The Final Operation

When controversial Leawood weight-loss surgeon Timothy Sifers died at his home in mid-March, he left behind a tangle of unresolved lawsuits and legal bills — and several plaintiffs who now won’t be able to face him in court. But Sifers’ online obituary guest book is also filled with messages from formerly fat patients who say he saved their lives.

For years, Sifers performed weight-loss surgery on obese patients in Kansas, operating at Shawnee Mission Medical Center and at Overland Park Regional Hospital, which was owned at the time by Health Midwest. In 2000, Sifers claimed on television to be the only doctor in Kansas City performing an innovative new weight-loss surgery called the duodenal switch — a procedure that leaves more of the stomach intact and reportedly causes fewer side effects than older types of weight-loss operations. At the time, Midwesterners were flying to California and even Europe to get the new surgery, so the news that a local doctor was performing it caused some excitement.

Eager patients who had battled their weight for years called Sifers’ office to sign up for the surgery after seeing him on television, only to find out later — some after their operations — that Sifers was actually doing an older type of surgery, the biliopancreatic diversion, which is associated with more unpleasant side effects, such as gas and bloating and a condition called “dumping syndrome” that causes major gastric discomfort. Some of those patients suffered infections and severe side effects. At least one patient died (“The Deepest Cut,” February 26, 2004).

According to Leawood Police Department Maj. Craig Hill, Sifers’ grown son telephoned his father on March 15, and the 56-year-old Sifers complained that he was feeling ill — but refused to go to the hospital. Because Sifers was under the care of a cardiologist for heart trouble, his son became concerned and called the following morning to check on Sifers, Hill tells the Pitch.

“There was no answer, so the son went over there and found him dead. He had passed away in his sleep,” Hill says. Deputy coroner Michael Handler found that Sifers had died of natural causes and chose not to perform an autopsy.

A paid death notice that ran in The Kansas City Star on March 17 said that Sifers, a father of six and avid gardener and cook, loved his work. “He was known to be a pleasure to work with and was often happiest in surgery,” the notice stated. Patients who had praised Sifers to the Pitch last year described the doctor as a charming straight shooter who, with his suntan, blond-streaked hair and brightly colored scrubs, often looked like he had just returned from a day at the beach.

After his death, many patients and former patients posted notes online praising Sifers. “Dr. Sifers forever changed my life. I will live longer, have a more full life because of him,” writes Deborah Wall. “Dr. Sifers’ commitment to those of us others have set aside because of our weight is greatly appreciated.” At least a dozen other patients expressed similar sentiments.

But Marian Bonura, who in 2004 told the Pitch that she blamed Sifers for the January 2001 death of her husband, Marion, ten days after his surgery, is one of three patients who jointly filed a lawsuit in November. The lawsuit alleges that Sifers told Marion Bonura, Dennis Essen and Theresa Allman that they were getting the duodenal-switch operation, then performed the biliopancreatic diversion instead. Bonura, who had seen Sifers on television, never found out that he’d received the wrong surgery. After his operation, he developed an infection and died of a blood clot in his lung.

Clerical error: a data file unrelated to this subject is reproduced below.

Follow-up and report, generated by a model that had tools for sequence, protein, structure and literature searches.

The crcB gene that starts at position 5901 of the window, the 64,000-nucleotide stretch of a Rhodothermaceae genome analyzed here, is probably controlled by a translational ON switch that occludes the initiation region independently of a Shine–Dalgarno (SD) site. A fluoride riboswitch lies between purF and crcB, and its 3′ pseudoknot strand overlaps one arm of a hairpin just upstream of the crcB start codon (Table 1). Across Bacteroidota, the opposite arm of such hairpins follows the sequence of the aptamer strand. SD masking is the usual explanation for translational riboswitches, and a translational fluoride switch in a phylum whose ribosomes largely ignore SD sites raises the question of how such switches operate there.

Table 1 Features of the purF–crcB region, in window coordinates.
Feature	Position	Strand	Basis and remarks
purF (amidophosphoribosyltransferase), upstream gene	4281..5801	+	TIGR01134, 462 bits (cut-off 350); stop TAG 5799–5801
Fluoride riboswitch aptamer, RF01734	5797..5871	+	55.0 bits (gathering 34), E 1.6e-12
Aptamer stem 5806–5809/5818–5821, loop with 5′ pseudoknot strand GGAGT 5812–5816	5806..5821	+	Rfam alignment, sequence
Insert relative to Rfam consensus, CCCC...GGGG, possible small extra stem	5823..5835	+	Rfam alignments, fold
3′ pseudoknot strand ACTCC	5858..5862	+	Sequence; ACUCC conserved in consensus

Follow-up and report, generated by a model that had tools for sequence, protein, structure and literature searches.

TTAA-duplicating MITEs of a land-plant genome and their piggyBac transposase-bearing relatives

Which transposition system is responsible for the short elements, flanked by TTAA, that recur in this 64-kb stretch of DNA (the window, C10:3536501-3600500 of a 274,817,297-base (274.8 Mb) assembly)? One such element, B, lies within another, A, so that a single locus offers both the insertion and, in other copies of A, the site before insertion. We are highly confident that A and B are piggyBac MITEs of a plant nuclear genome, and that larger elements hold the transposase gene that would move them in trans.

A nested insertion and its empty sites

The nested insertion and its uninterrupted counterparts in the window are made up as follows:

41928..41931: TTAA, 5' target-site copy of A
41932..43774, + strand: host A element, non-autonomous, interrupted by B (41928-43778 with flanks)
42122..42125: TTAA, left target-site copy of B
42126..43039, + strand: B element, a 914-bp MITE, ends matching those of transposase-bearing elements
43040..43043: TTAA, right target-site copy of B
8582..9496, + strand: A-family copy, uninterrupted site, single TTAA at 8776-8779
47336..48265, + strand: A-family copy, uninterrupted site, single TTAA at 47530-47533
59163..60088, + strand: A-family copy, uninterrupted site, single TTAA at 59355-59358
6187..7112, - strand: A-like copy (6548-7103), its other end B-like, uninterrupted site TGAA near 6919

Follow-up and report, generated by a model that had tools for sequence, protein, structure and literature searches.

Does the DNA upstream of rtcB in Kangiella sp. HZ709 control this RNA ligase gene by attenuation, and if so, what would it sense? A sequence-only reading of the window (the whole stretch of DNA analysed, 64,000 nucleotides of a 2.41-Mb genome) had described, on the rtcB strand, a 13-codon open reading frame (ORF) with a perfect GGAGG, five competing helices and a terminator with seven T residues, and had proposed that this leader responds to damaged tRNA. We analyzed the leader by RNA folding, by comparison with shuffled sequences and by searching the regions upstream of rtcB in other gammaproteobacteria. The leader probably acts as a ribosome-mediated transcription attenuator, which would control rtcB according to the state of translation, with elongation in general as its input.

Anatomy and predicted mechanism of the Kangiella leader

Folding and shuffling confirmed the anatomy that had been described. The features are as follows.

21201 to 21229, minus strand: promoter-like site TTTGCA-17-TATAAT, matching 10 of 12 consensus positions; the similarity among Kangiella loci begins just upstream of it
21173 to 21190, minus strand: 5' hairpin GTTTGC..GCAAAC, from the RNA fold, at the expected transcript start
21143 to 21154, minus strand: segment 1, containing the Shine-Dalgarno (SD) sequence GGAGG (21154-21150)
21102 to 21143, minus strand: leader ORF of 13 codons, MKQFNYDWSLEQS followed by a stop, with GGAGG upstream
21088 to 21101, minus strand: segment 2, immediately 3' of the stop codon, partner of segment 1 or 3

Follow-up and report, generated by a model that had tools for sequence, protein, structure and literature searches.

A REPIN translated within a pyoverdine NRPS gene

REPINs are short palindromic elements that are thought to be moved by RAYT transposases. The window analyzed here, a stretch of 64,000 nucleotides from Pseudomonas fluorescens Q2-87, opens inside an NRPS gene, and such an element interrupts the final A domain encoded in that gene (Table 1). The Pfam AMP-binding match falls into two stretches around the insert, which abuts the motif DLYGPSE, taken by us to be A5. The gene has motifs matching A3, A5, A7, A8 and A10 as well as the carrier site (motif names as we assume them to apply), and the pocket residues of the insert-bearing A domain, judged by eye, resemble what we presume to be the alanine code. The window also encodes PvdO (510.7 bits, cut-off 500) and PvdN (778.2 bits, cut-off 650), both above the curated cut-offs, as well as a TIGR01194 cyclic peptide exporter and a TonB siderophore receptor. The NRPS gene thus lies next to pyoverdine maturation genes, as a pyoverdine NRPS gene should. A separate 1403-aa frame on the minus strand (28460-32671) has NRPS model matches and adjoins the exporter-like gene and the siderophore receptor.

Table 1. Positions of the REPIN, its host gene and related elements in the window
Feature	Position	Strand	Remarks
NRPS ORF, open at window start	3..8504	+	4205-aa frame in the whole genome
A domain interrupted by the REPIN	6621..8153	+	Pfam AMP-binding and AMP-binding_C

Essen and Allman found out the truth only after they were hospitalized for numerous complications, according to the lawsuit. The complaint, filed in Johnson County District Court, states that Essen suffered from a gastric ulcer, bleeding, diarrhea, pain and nutritional deficiencies as a result of the surgery; Allman endured infections, respiratory and kidney failure, heart problems, an abdominal hernia and vomiting. Both Essen and Allman faced financial difficulties as a result of their medical bills. “My clients suffer daily, hourly consequences as a result of Dr. Sifers’ actions,” attorney Leland Dempsey, who represents the three, tells the Pitch.

Essen, who is in Germany on business, tells the Pitch by e-mail that he had heard Sifers was very ill but almost didn’t believe it. “A part of my mind told me he was just pulling another scam to get out of the lawsuit,” Essen says.

Dempsey says the lawsuit will proceed despite Sifers’ death. He says he can still use Sifers’ depositions, in which the doctor admitted he was not performing the duodenal switch as he had claimed.

Three other patients who filed lawsuits against Sifers in Johnson County in 2004 and 2005 have pending cases. Lori Hollinger, who told her story to the Pitch in 2004, settled her 2002 lawsuit against Sifers last July and is being paid in yearly installments by Sifers’ insurance company. The husband of another Sifers patient, Kathleen Hiles, filed a lawsuit against Sifers and Shawnee Mission Medical Center in November alleging negligence in his wife’s death following weight-loss surgery. She died several days after her operation.

Before Sifers’ death, an investigator from the Kansas Board of Healing Arts had made inquiries about the weight-loss doctor, but the agency had not taken disciplinary action.

Hollinger says she’s just glad that Sifers will never perform another weight-loss surgery. “I didn’t think it would happen this way, but that was my goal — to see him stop practicing,” Hollinger says.

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